The view from Joel’s house in Paleskastron, Mt. Pelion region, Greece July 2014


exploring the village Agios Laventios, Mt Pelion region, Greece, July 2014


9″x12″ oil on canvas, Fakistra beach, Mt Pelion region, Greece.


painting in Agios Laventios … these villages are all built on steep mountain sides and usually have one avenue for cars and the rest is accessed by narrow cobblestone pedestrian walkways like this


painting on Fakistra Beach … happy to be in the shade! Temperatures were in the 90’s


this is Paleokastron, the tiny settlement where my friends Joel & Anna are restoring an old stone house


Joel & Anna’s house in Paleokastron


A typical view looking out over the village roofs of Agios Laventios, the Pagasetic Gulf in the Agean Sea and the city of Volos. This mountainous area is the mythical home of the centaurs, unusually lush and green for Greece.


June 1. I had a few days to paint on Plum Island, a magical spot north of Boston that is largely protected by the Parker National Wildlife Refuge. A few years ago, I sold my first big commission to a couple who have their permanent home here in Plum Island. I got to see my painting hanging in their house and spend a few days exploring the marshes and wetlands here. This trip was a real teaser, I only had a few days to paint, but I plan to go back later this summer for more!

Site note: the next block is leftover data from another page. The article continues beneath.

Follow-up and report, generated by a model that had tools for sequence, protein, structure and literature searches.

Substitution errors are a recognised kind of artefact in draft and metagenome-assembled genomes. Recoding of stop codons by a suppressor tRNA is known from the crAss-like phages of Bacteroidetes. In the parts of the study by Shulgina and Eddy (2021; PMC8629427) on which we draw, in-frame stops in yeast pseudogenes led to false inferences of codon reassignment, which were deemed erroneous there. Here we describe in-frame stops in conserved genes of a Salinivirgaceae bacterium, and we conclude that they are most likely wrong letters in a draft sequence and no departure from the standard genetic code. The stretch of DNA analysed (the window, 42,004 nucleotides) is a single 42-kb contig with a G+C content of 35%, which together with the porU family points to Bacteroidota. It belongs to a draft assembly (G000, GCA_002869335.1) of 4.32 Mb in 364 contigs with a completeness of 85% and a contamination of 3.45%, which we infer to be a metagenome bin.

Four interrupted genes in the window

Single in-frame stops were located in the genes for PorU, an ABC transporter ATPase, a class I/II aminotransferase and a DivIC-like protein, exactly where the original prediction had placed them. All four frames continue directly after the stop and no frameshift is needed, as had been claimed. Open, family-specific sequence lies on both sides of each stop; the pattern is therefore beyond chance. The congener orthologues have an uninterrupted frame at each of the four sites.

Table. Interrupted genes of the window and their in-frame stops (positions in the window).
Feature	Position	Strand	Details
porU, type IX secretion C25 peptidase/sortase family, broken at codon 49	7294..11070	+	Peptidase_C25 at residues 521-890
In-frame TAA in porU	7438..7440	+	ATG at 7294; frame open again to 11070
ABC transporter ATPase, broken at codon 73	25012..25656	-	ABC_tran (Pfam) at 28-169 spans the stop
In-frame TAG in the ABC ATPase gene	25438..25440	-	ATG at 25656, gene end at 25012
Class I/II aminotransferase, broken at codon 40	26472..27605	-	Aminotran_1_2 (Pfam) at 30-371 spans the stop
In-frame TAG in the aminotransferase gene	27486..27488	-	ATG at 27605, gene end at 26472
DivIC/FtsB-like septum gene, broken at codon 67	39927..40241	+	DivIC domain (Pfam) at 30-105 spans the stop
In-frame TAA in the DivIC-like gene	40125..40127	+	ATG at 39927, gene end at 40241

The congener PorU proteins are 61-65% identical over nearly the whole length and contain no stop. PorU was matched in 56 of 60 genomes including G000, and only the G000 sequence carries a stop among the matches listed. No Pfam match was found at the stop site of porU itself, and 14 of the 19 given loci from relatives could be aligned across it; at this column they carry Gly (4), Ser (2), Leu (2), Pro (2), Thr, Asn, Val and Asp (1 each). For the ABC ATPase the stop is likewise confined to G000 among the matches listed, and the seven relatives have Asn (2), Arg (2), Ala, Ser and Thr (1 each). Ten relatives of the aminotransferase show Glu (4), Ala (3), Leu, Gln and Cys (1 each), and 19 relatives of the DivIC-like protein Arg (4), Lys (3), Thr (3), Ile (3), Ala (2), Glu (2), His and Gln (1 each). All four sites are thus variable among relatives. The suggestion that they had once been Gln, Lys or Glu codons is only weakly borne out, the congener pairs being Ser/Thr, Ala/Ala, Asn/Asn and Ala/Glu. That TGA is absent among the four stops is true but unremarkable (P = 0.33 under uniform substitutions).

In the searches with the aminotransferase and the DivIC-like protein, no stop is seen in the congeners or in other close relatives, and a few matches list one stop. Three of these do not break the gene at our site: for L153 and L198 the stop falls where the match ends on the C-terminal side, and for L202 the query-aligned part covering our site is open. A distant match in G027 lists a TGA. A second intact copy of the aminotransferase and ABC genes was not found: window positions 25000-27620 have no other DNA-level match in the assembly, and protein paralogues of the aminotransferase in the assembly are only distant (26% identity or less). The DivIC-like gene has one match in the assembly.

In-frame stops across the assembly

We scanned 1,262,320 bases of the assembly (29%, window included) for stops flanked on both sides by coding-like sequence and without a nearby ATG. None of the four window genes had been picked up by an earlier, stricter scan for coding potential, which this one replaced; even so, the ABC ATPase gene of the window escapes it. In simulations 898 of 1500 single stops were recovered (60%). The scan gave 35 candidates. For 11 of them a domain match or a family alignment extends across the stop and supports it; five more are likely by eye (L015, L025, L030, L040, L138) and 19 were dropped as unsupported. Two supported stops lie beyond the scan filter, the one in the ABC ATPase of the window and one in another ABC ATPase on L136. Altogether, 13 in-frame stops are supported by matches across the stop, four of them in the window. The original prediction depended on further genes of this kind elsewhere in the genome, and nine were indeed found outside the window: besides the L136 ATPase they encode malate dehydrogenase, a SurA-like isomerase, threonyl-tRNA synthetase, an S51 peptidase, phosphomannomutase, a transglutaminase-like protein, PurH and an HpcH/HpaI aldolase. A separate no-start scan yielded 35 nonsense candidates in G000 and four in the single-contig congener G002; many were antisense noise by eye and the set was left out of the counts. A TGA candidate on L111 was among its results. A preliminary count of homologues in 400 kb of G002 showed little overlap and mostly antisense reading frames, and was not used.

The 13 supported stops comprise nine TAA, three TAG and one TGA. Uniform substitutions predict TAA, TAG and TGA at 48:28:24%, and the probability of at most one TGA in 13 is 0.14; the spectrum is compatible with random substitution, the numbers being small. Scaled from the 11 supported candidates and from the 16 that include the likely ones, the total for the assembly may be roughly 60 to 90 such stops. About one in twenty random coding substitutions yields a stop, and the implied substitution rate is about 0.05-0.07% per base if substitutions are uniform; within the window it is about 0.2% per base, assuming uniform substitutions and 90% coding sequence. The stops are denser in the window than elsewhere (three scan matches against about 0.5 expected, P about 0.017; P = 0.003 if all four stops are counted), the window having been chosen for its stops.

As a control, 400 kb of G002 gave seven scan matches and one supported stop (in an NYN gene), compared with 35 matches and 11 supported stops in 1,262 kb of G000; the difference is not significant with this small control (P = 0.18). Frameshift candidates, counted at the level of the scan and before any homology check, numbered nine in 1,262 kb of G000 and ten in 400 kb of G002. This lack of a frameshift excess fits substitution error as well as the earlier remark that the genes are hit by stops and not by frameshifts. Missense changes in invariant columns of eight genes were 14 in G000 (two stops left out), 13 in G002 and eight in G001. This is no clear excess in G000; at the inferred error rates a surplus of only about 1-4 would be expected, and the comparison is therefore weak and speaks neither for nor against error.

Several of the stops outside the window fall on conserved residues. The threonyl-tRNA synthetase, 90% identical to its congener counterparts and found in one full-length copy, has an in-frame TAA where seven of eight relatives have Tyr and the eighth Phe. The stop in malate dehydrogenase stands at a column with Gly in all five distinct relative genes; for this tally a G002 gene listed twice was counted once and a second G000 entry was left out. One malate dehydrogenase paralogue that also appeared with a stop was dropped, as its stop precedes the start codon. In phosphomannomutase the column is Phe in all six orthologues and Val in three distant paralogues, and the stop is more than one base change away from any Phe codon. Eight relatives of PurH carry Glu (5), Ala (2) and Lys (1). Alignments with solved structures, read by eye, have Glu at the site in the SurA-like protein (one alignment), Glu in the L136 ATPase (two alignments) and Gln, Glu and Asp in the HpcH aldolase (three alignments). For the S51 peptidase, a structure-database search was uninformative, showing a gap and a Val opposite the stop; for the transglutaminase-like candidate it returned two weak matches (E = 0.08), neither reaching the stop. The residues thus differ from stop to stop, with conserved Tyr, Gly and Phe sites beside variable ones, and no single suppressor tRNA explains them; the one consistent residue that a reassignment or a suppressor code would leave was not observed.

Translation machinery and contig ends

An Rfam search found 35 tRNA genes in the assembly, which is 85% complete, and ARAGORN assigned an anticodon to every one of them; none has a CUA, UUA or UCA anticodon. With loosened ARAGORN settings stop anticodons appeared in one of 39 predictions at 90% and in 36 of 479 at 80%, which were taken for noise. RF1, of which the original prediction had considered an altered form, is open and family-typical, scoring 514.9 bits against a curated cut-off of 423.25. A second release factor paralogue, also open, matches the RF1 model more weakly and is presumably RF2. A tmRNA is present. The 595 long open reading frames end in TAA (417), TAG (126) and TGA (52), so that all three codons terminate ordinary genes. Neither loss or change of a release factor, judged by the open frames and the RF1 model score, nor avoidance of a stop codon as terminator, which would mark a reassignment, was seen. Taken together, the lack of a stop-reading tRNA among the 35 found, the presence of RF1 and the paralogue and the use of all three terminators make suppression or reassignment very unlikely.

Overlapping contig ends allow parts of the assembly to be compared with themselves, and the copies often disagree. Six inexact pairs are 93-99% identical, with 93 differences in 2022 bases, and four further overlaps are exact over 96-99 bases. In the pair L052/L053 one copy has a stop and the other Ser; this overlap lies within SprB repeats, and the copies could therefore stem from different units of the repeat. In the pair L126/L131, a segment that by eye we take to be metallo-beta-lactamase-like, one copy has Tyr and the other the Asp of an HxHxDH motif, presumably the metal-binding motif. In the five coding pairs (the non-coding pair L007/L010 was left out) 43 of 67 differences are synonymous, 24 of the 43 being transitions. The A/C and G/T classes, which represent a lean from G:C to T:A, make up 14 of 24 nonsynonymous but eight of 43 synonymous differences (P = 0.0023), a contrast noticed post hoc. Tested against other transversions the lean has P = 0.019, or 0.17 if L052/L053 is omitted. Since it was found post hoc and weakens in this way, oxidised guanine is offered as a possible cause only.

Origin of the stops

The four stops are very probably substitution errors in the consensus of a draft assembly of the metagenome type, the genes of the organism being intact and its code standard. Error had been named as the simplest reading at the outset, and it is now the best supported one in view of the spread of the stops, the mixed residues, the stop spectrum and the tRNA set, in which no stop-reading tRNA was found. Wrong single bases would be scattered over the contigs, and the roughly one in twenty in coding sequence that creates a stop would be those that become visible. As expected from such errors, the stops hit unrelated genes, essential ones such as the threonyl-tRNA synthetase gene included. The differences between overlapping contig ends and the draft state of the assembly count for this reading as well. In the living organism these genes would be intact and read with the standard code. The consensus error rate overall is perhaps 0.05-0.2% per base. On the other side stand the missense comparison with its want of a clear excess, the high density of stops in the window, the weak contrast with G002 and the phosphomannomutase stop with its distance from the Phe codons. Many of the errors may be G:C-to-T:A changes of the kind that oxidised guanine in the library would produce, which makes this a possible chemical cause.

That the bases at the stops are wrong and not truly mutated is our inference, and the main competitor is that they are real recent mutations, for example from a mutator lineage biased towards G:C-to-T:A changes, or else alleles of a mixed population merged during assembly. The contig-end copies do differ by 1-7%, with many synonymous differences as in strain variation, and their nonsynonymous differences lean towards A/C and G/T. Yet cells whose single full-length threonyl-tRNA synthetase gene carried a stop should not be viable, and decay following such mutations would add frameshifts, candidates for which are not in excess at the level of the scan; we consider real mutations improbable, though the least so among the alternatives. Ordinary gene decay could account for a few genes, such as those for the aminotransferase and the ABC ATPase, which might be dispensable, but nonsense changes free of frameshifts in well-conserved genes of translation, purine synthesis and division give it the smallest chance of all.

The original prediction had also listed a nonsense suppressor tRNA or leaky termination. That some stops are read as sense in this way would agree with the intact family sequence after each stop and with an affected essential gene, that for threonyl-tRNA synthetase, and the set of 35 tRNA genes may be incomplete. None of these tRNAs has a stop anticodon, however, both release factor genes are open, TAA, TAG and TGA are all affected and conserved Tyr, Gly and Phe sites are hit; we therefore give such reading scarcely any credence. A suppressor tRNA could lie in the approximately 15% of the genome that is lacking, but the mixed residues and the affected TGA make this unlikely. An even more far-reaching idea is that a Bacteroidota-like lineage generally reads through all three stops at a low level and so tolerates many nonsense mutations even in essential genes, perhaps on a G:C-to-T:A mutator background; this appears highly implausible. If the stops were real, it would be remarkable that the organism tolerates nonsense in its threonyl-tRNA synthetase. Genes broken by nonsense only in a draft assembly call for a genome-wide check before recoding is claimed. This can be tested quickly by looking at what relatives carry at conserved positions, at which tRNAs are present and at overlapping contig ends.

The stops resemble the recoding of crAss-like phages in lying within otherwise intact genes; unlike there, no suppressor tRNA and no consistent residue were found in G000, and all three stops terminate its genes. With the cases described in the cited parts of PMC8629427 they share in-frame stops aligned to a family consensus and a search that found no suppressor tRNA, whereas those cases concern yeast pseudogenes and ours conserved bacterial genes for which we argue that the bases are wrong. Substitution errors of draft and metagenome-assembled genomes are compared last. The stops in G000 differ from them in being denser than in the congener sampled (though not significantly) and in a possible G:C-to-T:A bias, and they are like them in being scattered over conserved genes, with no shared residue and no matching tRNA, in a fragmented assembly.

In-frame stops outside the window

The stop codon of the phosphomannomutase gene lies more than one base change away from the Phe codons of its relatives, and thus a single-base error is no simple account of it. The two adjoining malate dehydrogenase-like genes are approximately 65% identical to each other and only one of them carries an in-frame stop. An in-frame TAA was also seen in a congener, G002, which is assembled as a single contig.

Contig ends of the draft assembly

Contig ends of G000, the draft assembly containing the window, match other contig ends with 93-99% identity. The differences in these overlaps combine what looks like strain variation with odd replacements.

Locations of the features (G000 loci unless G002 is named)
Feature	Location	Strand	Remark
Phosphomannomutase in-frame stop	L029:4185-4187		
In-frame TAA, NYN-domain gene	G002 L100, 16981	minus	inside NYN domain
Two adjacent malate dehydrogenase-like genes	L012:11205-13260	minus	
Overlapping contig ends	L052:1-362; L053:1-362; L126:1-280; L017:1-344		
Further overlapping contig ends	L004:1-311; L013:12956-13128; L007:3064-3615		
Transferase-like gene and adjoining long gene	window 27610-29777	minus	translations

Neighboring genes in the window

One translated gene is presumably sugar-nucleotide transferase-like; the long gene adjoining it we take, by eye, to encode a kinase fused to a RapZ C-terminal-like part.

The refuge is accessed by these boardwalks so that hikers don’t disturb the nesting birds



It rained one morning, so I did this sketch from the car …


then later I made this painting using my memory and the sketch as reference. fun challenge! The birds are plovers, which were nesting in the marshes. 


May 26th. Rob Gorski and I spent a few days on Rabbit Island doing some spring cleaning and preparing the camp for this summer’s artists in residence.  The Keweenaw peninsula endured one of the coldest, snowiest winters on record this year – for the first time since 1979 Lake Superior froze solid!  When we were there in late May, the ice was still breaking up, which is quite unusual. We spent 3 days on the island witnessing the melting icebergs.  I made a few iceberg sketches out there, and I took a fearsome plunge into the water, which was about 34 degrees out there!  You can see some of Rob’s pictures and read more on the Rabbit Island blog: http://www.rabbitisland.org



Rob navigating the icebergs on our way out to Rabbit Island


He left me on an iceberg!


A tiny iceberg sketch



Yeow! that was cold!